SMARTER Engaged Workplaces Have a Heart!

Engaged workplaces have a heart, states Cynthia Kivland, President and author, Smart2Smarter, 2011.  Daniel Goleman, author “Working with Emotional Intelligence” (Bantam, 1998), and most recently“, The Brain and Emotional Intelligence: New Insights, 2011 is the leading authority in emotional and social intelligence. His premise is, “sensitivity to emotional states (one’s own and others’) and effective relationship skills are the critical competencies in today’s global, self reliant work environment.  Simply put, IQ and expertise are no longer considered the best predictors of performance or leadership effectiveness.

Consider the traditional formula for leadership success as possessing cognitive intelligence, an analytical, detached decision style and getting results, often through people.  Most important, you did not show emotional sensitivity, you were not transparent so people knew what you really meant and you did not focus on understanding others first to build rapport.  However, the skills employers really want are the ability to build people up, bring them together and inspire them to do their Personal Best.

Are Smarter Skills a Personality Trait or Skill?

Is social and emotional intelligence a personality trait, either something you have or do not have?  Yes, it may be part of one’s “hardwired personality” however;   the good news is that SMARTER skills can be learned with knowledge, practice and reinforcement!  However, as individuals of habit, we often lock into a workstyle that is most comfortable and transmitted as “This is the way I do things.”  Personality and EQ inventories, such as the Myers-Briggs Type Indicator©, the FIRO-B or EQ-1 2.0 have shown that each of us develops a predictable and comfortable “default work style.”   This workstyle may also be toxic. This “default workstyle” influences how we approach our work and how we interact with others with whom we work.  This default style does not change much after the mid 20s, however to create a climate of emotional engagement, leaders must learn to manage and adapt their “style” to the social and emotional connectedness of our global economy.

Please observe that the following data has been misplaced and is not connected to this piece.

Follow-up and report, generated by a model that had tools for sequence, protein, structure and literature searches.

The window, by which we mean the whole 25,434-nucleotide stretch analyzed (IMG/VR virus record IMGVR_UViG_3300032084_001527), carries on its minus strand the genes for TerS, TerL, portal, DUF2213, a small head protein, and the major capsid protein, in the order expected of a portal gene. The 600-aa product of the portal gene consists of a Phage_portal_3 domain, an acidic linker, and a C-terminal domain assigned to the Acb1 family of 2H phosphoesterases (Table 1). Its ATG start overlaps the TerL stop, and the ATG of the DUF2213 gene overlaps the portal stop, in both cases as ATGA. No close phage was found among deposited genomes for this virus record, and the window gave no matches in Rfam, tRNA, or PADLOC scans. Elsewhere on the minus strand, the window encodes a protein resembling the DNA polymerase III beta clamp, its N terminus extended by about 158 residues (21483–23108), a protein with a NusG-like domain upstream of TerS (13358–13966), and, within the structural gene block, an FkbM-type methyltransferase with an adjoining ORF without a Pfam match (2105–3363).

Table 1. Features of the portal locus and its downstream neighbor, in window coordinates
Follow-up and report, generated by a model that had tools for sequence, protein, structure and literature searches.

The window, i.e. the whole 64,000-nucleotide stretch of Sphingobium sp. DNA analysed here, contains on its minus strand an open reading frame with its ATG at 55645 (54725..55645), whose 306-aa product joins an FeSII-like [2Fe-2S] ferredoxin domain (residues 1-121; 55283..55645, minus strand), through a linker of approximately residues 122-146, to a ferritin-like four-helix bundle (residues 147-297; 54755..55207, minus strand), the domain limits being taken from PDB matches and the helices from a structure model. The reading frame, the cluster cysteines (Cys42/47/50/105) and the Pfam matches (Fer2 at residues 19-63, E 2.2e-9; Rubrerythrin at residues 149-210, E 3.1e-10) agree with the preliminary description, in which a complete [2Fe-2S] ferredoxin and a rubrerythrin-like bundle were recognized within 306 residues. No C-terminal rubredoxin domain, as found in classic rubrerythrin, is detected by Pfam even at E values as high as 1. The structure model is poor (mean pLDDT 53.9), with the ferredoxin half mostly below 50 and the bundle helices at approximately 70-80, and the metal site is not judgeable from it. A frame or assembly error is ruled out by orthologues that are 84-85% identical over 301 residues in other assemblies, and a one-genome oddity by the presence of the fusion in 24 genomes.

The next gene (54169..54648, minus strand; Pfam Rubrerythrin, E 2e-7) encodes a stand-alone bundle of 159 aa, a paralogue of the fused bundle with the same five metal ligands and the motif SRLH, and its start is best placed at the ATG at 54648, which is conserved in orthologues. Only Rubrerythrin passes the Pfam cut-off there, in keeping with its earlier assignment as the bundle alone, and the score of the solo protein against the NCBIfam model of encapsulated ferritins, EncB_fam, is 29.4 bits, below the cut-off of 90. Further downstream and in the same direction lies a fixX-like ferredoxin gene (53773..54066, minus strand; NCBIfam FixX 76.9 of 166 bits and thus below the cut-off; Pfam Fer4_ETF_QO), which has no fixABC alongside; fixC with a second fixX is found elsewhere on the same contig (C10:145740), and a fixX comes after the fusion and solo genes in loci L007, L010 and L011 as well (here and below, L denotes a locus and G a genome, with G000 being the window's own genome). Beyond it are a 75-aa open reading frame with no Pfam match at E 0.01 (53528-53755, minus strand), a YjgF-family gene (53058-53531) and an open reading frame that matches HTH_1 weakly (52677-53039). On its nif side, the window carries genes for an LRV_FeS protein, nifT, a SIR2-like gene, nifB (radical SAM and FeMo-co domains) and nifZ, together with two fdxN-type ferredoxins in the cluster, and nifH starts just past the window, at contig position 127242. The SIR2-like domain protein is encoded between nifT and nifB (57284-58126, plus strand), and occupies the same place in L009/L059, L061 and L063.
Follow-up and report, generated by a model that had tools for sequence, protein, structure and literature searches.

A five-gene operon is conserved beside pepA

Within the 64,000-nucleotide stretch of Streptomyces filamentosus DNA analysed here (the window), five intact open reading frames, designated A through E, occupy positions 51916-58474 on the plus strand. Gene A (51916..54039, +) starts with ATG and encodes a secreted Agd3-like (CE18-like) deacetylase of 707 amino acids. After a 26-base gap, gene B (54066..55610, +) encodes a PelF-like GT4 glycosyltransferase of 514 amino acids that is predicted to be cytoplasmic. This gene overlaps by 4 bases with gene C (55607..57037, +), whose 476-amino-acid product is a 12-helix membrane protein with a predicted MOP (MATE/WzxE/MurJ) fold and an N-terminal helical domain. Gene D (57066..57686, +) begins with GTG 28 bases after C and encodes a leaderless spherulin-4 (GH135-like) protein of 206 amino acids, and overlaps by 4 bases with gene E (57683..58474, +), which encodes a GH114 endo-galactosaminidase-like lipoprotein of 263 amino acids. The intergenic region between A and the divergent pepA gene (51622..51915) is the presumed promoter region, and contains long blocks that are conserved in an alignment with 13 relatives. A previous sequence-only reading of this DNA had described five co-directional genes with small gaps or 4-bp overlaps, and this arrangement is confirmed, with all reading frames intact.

Working Smarter to Get Results

The SMARTER skills of social and emotional intelligence are a simply the ability to intentionally understand and manage our social interactions and our emotional impact   skillfully.  The key word in the above sentence is “intentionality”.  Working smarter is intentionally being aware of the impact you are having on others and adjusting your style to get the best results with people and not through people.   It is a heightened awareness to intentionally manage our “default settings” to reduce interpersonal disconnects by understanding and accepting others’ needs and styles.   Coaching smart(er) workers focuses on building skills in two pillars of SMARTER competencies:

Personal Competence:  How well we know and manage our strengths and limitations

Social Competence: How well we manage our relationships to achieve results with people.

Social and emotional intelligence smarter skills can be learned, yet often it is hard work. It is not simply deciding to read some books on emotional intelligence or take a personality assessment.  Developing and sustaining SMARTER skills require a constant — and often uncomfortable — commitment to personal and social skill development. It requires a developmental sequence of awareness and skill development from a Focus on You (Personal Competence) to a Focus on Us (Social Competence).  A development plan requires skill practice and so the willingness to solicit and accept feedback.